While Prime Minister Harper and President Obama unjustifiably referred to Novruz only as a Persian Holiday, all nations who celebrate Novruz (From the Balkans to the Central and South Asia) are mentioned in the United Nations’ Novruz Message.
Nowruz has special meaning for many peoples in the Balkans, the Black Sea and Caspian Sea regions, the Caucasus, Central and South Asia, and the Middle East. Celebrated for millennia, the holiday is associated with a rich tapestry of customs and rituals linked with the arrival of spring.
Now, with last year’s proclamation by the United Nations General Assembly of the International Day of Nowruz, the observance is global. Nowruz is also inscribed on UNESCO’s Representative List of Intangible Cultural Heritage of Humanity.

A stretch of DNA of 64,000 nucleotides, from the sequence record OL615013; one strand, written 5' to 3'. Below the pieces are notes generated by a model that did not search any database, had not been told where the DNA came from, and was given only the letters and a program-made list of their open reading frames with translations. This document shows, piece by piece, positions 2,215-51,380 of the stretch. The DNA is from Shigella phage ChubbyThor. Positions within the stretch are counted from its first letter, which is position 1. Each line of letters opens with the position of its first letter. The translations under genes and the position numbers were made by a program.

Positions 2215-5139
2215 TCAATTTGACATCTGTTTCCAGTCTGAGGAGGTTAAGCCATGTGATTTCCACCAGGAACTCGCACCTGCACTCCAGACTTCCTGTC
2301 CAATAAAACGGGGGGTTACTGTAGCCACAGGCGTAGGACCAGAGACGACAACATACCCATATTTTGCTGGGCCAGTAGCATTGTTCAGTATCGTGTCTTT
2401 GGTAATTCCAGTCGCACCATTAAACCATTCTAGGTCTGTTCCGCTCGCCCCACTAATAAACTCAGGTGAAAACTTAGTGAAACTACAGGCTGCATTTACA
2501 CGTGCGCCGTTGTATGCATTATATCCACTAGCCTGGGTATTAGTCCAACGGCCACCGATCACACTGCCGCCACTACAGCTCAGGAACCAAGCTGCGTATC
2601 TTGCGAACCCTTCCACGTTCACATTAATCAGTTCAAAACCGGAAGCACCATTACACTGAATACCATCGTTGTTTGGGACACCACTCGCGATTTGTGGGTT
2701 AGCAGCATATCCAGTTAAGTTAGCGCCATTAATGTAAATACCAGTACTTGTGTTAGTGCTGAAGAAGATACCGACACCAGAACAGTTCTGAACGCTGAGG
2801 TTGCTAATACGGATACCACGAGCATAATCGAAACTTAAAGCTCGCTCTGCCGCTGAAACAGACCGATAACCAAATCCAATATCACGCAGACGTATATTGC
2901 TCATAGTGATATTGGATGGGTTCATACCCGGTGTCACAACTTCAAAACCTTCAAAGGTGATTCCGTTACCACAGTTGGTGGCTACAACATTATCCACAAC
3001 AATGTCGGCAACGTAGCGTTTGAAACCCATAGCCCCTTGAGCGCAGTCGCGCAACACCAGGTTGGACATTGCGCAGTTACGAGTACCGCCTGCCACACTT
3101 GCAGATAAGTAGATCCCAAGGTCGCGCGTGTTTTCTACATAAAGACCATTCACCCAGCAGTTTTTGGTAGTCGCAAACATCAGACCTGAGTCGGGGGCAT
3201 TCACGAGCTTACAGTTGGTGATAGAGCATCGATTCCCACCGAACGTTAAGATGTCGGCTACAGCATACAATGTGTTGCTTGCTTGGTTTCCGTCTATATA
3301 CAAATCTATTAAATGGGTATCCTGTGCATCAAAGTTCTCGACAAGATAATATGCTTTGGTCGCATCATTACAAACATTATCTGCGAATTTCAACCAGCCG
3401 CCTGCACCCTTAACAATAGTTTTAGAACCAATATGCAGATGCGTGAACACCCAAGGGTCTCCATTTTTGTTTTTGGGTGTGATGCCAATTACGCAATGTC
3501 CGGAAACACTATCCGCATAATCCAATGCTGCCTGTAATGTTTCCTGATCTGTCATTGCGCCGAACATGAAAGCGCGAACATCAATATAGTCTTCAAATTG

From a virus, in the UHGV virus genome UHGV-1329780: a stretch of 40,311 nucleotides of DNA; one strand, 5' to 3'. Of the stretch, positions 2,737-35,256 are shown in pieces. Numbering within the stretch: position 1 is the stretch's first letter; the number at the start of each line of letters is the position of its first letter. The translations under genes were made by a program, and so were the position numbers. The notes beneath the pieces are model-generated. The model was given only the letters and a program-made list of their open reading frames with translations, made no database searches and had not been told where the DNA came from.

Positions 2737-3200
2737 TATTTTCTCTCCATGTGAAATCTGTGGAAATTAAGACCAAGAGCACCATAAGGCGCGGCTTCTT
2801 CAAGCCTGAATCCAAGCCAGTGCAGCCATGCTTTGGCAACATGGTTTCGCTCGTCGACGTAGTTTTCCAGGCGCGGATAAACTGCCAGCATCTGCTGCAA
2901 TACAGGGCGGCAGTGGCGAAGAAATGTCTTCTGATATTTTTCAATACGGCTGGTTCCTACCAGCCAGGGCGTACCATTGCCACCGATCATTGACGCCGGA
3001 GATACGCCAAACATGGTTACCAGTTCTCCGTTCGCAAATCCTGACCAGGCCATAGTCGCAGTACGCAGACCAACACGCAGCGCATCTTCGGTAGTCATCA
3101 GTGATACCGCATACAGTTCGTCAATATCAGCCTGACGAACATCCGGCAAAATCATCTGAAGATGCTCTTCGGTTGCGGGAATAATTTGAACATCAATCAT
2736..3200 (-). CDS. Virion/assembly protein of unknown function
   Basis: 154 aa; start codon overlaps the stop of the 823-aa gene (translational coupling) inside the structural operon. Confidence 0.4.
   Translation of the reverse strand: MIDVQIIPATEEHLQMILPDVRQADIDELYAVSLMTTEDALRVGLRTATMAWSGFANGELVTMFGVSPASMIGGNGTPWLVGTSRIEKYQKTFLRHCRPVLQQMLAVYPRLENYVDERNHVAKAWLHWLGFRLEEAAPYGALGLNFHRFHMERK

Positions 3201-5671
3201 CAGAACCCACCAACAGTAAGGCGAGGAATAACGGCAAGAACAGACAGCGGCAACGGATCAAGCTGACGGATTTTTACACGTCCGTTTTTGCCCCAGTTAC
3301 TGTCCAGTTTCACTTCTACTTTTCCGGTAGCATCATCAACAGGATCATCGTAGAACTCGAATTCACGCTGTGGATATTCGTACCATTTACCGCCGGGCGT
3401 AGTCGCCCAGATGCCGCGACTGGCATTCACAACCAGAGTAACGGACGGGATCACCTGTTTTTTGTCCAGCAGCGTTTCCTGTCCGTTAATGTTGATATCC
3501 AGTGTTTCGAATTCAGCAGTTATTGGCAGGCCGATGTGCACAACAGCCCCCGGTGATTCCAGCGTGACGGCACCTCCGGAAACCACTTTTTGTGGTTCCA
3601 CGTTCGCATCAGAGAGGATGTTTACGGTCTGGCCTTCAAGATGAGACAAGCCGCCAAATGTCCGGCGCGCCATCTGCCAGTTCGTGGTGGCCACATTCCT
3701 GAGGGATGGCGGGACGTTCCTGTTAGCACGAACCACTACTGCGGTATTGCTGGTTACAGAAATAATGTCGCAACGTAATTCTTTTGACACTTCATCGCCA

Nowruz is a day for renewal. It is an opportunity to reflect on the intimate links between people and the natural world. And it carries a strong message of peace and harmony between peoples of all cultures on the basis of mutual respect and understanding.
These timeless values are at the heart of the mission of the United Nations, and are more relevant than ever as we grapple with such pressing global concerns as environmental degradation, human rights abuses, intolerance and armed conflict.
So I hope people everywhere will join in observing this Day. At a time of crisis, upheaval and change, including in the very regions where the holiday is rooted, let the spirit of Nowruz prevail.